Most auto manufacturers offer a selection of interiors and exteriors for their products, everything from colours to trim, fascia and wheels. But Jaguar provides its customers with what the firm terms a portfolio of choices that enables a far wider selection, making the car essentially bespoke for the customer, as well as being committed to the highest standards of craftsmanship and materials. A similar system operates at Range Rover.
“So Jaguar and Range Rover are not only offering a luxury car, but enriching the customer’s life with that product”, said Sakuta.
The firm is planning to further enhance the customer and owner experience, Sakuta said, and by bringing the latest models and products to the market here, “our customers can really be proud of their cars and the brand”. One of those pluses is for owners who are invited to special events, such as track days and off- road events.
Still, importers of luxury foreign cars have had a rough ride in recent years in this market, which was very badly affected by the Lehman long-running domestic recession—and then took another battering in the aftermath of the 11 March earthquake and tsunami, and the ongoing problems at the Fukushima Dai-ichi Nuclear Power Plant. Consumers have reined in their spending dramatically—although dealers report that trend appears to have run its course—while many expatriates have moved overseas.
Although now german-owned, the Mini still resonates with many people as a classic British marquee, especially in Japan.
“The BMW and Mini brands are well established in Japan and sales are currently very strong”, said Rosemary Mitchell, of the BMW group’s Tokyo Corporate Communications department. “We saw the effects of the Lehman Shock wear off in 2010 and business has been picking up ever since”.
The Mini is benefiting in particular from the popularity of the Crossover, the brand’s first four-door model, which was launched here earlier in the year.
“We feel one of the attractions of both BMW and Mini vehicles is that they are made for a select audience, rather than appealing to everyone”, said Mitchell. “Both brands are, therefore, very popular with people who have a strong individual set of values when it comes to choosing their cars.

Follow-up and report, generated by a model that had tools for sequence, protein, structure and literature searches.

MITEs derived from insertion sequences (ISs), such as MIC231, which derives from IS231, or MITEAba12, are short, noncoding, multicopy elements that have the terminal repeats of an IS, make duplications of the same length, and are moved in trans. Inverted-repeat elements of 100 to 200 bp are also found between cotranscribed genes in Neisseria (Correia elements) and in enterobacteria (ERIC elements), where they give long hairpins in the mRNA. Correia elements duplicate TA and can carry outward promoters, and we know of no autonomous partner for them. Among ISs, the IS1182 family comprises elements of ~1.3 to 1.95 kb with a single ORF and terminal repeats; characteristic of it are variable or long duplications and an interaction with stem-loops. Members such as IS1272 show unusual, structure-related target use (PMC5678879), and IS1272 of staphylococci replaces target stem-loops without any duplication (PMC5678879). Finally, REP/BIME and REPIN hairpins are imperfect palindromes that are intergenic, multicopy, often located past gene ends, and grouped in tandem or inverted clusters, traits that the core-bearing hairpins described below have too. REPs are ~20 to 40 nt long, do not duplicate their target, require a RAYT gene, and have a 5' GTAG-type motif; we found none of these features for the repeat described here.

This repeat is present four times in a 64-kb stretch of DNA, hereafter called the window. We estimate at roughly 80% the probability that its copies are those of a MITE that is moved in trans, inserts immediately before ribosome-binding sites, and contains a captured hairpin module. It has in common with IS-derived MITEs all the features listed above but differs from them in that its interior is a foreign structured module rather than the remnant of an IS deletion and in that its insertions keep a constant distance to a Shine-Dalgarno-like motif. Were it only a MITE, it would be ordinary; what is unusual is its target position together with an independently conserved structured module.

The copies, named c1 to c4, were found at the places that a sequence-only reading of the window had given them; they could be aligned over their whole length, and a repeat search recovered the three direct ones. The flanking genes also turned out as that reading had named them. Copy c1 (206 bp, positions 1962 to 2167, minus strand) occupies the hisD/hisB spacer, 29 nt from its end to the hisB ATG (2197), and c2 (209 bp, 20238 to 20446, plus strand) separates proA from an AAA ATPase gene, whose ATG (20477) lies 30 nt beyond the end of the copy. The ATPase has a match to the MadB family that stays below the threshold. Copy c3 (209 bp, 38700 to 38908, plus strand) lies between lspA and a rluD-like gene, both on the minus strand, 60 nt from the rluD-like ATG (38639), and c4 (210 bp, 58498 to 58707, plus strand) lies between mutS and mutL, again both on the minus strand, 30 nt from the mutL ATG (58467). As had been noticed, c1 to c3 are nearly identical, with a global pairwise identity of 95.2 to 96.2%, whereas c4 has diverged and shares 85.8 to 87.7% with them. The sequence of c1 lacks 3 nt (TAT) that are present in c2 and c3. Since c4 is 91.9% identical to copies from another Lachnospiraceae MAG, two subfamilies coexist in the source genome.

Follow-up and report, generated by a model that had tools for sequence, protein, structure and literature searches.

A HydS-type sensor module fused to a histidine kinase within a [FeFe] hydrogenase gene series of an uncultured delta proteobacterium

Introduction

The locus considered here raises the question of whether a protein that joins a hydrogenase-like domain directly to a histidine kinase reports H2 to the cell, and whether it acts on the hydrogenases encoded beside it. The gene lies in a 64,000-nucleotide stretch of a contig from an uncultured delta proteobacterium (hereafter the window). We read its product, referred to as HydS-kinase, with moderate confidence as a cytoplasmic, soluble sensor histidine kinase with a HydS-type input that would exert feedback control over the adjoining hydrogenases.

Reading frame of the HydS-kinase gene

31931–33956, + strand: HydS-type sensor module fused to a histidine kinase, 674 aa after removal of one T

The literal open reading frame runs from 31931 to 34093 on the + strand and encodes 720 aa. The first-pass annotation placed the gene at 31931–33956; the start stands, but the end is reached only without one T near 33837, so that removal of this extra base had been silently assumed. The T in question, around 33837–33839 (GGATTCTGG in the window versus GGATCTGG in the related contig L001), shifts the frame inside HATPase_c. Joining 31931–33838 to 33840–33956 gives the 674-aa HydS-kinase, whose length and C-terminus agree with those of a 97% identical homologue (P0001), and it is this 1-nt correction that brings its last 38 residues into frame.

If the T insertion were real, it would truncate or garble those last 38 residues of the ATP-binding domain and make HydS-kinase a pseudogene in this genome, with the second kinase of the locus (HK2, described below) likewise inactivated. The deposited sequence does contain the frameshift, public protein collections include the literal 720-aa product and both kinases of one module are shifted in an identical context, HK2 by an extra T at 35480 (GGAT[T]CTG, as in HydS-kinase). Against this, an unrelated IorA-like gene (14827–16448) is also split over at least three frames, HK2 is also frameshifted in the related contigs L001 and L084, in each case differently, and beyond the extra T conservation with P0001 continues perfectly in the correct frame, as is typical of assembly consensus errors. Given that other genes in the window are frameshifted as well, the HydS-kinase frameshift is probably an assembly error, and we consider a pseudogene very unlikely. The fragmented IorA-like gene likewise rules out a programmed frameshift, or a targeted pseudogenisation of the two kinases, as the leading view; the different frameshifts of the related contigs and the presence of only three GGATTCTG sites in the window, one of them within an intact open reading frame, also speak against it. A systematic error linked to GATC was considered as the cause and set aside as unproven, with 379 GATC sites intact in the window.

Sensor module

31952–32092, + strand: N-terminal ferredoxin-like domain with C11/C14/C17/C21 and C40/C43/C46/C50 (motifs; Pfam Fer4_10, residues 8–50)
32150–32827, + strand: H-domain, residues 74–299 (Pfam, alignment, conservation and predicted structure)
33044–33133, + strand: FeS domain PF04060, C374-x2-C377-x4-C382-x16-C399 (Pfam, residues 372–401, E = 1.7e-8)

“We find that Japanese consumers tend to seek authentic, high-quality products and show high acceptance of new technology”, she added. “We are also finding that customers’ notion of ‘premium’ is increasingly coming to be defined by sustainability.”
Over the past 10 years or so, there have been an increasing number of classic car events in Japan, at which many rare and famous cars have been bought and sold, according to Hirohito Iwase, president of Morgan Auto Iwase. “They have included some virtually unknown cars—the Cisitalia and Stauguellini, old Bentleys and Rolls Royces—so it would not be an exaggeration to say there has been a boom in classic cars.
“However, that boom appears to have passed and many classic cars are now going overseas again”, he said. Yet Morgan Auto is determined to keep this particular portion of British motoring heritage rolling in Japan, with help from the likes of Nakajima.
“The Morgan is a luxury car, not so much in the sense that it gives more comfort or functionality than other expensive cars—in fact, my car is very light on the mod con front: no air-conditioning, no power-assisted steering, no fixed or automatically retractable roof, no boot and no satellite navigation system”, he said.
“The luxury proposition comes from its rarity, eccentricity, craftsmanship, tradition, heritage, beauty, the sense that it is a piece of Britain, and the consequent coolness”, he said. “That has to be apparent to anyone who does not mind suffering a little bit for things that few other modern ‘luxury cars’ offer”.